In one of the few exploration projects it is funding next year, Cameco (TSX: CCO; NYSE: CCJ) and its joint-venture partners Orano Canada and Purepoint Uranium (TSXV: PTU) are planning a 36 km ground-electromagnetic survey and 6,000 metres of diamond drilling at their Hook Lake uranium project in Saskatchewan.
Cameco owns 39.5% of the project in the province’s Patterson uranium district, with Orano Canada holding 39.5% stake, and Purepoint, the operator, at 21%.
The 2019 winter drill program will see the partners continue to explore a mineralized shear zone that extends along the Patterson corridor. The shear runs through the project’s Dragon zone and is on trend with its Spitfire discovery.
The Patterson uranium district is a structural corridor situated on the southwestern edge of Saskatchewan’s Athabasca basin, which extends at least 50 km, and hosts Fission Uranium’s (TSX: FCU) Triple R deposit, NexGen Energy’s (TSX: NXE) Arrow deposit and Spitfire.
The Arrow and Triple R deposits are 7 km and 14 km southwest of Spitfire, and in the same geological structure that continues another 8 km through Spitfire to the northeast, and into Denison Mines’ (TSX: DML; NYSE-AM: DNN) ALX claims at its Hook-Carter project.
The $3-million exploration project planned for 2019 “speaks to Cameco’s feelings about the project,” says Chris Frostad, Purepoint’s president and CEO. “Majors don’t invest in exploration projects that don’t have the potential to be tier-one deposits, or more than 100 million lb. U3O8.”
The joint-venture partners are focusing exploration on an area between their high-grade Spitfire discovery of 2015 (53.3% U3O8 over 1.3 metres within a 10-metre interval assaying 10.3% U3O8, starting from 220 metres below surface), and the Dragon zone, 6 km northeast. Dragon was found at the end of 2016.
Spitfire sits on the southernmost claim line beside NexGen’s project. The Dragon area has an identical geological setting to Spitfire, Frostad says, only larger. “Not only that,” he adds, “but we could see that the structure running up from Triple R, through Arrow and into Spitfire appeared to connect directly through to Dragon. That area requires additional geophysical data to refine the targets, which is job one this season.”
Uranium doesn’t trade on an open market like many other commodities, so buyers and sellers negotiate contracts privately. Utilities buy their fuel under four to 10-year contracts to lock in the price.
The long-term price, which hasn’t changed in two years, is US$31 per lb., while the spot market price is now a little over US$28 per lb. U3O8.
Partly as a result, the market is tight and illiquid, a factor that has resulted in major price swings after major events, such as the Fukushima reactor meltdown in 2011, and accidents at Chernobyl (1986), Three Mile Island (1979) and the 1973 oil shock.
“There have been no significant long-term contracts signed in the last two years,” he says. “Why would a producer sign a new contract at US$30 to $35 per lb., when the marginal cost of production is US$40 per pound?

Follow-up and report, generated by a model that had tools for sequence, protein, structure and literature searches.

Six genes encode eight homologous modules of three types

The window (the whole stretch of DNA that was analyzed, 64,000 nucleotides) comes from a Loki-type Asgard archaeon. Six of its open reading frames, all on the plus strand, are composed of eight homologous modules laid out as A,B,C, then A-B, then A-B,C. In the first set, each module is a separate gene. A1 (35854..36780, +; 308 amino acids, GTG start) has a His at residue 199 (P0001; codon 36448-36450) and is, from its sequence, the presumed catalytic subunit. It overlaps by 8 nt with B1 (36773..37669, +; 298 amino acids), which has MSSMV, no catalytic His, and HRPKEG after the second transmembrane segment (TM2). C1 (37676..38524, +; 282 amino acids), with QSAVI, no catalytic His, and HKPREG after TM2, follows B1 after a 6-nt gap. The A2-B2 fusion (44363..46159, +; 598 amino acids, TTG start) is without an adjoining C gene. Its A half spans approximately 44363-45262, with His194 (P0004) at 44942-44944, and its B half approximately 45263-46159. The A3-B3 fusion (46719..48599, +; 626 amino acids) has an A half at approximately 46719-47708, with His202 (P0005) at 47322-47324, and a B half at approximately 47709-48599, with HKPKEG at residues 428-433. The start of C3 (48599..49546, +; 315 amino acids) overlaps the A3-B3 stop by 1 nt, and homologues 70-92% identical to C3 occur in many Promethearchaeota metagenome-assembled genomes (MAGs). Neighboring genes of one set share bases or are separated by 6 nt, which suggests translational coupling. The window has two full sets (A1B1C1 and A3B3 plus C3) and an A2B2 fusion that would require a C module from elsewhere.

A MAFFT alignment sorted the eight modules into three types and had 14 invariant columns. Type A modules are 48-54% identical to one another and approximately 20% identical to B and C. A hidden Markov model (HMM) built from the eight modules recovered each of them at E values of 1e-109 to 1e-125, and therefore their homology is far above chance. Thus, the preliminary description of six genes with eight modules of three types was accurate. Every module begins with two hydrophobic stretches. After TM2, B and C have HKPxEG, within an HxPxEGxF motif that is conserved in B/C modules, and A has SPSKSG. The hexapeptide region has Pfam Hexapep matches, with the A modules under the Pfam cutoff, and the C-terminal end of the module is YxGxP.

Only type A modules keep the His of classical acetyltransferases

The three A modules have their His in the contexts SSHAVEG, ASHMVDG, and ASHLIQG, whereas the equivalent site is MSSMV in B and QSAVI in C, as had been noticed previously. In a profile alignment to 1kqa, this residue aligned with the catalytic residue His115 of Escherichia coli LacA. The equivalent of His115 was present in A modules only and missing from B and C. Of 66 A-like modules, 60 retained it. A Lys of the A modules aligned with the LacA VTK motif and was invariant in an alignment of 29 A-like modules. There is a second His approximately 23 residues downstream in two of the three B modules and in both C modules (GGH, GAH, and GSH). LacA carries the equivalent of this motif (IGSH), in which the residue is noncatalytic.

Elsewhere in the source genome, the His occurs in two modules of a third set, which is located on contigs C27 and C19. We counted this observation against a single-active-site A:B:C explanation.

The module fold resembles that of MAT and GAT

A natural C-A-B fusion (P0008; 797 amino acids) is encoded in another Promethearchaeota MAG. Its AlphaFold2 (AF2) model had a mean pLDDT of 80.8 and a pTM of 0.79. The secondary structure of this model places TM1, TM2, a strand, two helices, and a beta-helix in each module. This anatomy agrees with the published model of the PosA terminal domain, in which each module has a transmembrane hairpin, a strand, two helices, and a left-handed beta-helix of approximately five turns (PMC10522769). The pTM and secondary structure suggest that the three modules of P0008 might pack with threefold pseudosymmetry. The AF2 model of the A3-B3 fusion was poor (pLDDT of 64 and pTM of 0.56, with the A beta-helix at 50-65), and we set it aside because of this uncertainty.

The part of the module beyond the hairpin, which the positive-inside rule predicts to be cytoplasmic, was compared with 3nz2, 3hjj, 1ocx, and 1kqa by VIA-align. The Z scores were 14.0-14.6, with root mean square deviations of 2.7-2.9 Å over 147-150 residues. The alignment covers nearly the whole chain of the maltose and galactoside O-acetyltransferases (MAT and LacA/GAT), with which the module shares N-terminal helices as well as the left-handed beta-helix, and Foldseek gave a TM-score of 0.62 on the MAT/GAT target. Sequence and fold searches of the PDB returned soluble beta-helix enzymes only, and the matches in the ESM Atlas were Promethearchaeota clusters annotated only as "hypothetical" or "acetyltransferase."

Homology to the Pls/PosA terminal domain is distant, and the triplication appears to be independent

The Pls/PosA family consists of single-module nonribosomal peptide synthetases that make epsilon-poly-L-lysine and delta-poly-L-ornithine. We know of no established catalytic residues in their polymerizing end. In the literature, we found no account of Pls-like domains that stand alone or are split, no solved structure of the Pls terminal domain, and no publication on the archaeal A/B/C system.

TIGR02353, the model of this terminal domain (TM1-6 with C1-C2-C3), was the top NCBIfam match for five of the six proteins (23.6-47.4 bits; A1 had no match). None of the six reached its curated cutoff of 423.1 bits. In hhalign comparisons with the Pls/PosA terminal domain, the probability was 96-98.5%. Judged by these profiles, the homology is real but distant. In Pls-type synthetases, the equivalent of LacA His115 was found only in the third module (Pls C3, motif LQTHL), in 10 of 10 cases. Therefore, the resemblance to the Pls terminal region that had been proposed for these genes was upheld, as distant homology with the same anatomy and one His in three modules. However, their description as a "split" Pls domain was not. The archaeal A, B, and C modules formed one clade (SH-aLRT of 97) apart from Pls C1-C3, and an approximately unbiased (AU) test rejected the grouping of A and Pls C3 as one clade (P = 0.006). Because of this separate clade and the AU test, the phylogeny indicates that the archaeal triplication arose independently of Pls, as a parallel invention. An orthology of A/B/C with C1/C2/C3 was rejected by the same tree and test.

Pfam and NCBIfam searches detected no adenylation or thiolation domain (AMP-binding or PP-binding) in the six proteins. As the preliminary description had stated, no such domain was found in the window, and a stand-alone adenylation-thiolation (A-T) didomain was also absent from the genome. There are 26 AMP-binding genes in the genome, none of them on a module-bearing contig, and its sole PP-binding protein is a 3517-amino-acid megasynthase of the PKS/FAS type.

“They might if they were in trouble, but they’ve shut their mines down, laid everybody off, taken their whack — so they’re not going to give any deals if they don’t have to. They’re going to wait until the price comes back before they start turning things on.”
Cameco is buying a third of its product on the spot market because it’s cheaper than producing it, he says.
Meanwhile, uranium production continues to go down — currently it’s 16% lower than last year.
“What we’ve seen over the last two years is that supply has been forced to do a free fall. All excess inventory has driven uranium down to historic lows, and, as in other industries, we’ve seen mines shut down. And, in our case, a lot of contract buying has moved into the spot market. Because the spot price is so low you’ve got utilities buying on spot, rather than signing new contracts.”
But eventually, he argues, inventories will be soaked up and the price will turn.
“At the end of the day, nobody really knows what the inventory is. Half the planet won’t report what they’ve got. It would be around 1 billion lb., give or take, so nobody really knows at what point the inventory will get to before we start to see long-term contracts signed again.”
Like many in the industry, the mining executive is reluctant to guess when the sector will turn, but he says the tipping point could come soon.
“I’m thinking you’ll see the spot price meet up with the long-term price, probably at the end of the year,” he ventures. “Every time uranium moves it’s like an explosion, but I would think that by mid-2019, you’re going to see some real movement in the long-term price.
“If I’m a utility buyer, now it becomes: ‘I can either buy at spot at US$31.50 per lb., or I’m going to sign a contract,” he says. “So they’re going to hang on for as long as they dare, and they’re playing chicken. No one wants to be the first guy signing that new long-term contract.”
The market will have started to turn when you see the long-term price move back to profitable levels, he adds, and utilities “will have to pay whatever the price is, and I think you’ll see a jump from US$32 per lb. up to US$40 per lb. pretty quickly. Then people will start to ramp up again, because they’ll know things are heading in the right direction.”
Frostad argues that interest in uranium is greater than in other commodities “because investors recognize that they’re looking at a commodity at the bottom of its cycle. Everybody is waiting for the moment when it looks like it’s time to get back in.”
Nearly 80% of the world’s uranium is mined in four countries: Kazakhstan (39%), Canada (22%), Australia (10%) and Namibia (7%). (Niger produces 6%; Russia, 5%; and 11% comes from other smaller-scale producers.)
Saskatchewan’s known uranium resources have grades ranging from 1% to 20% — far in excess of anywhere else in the world.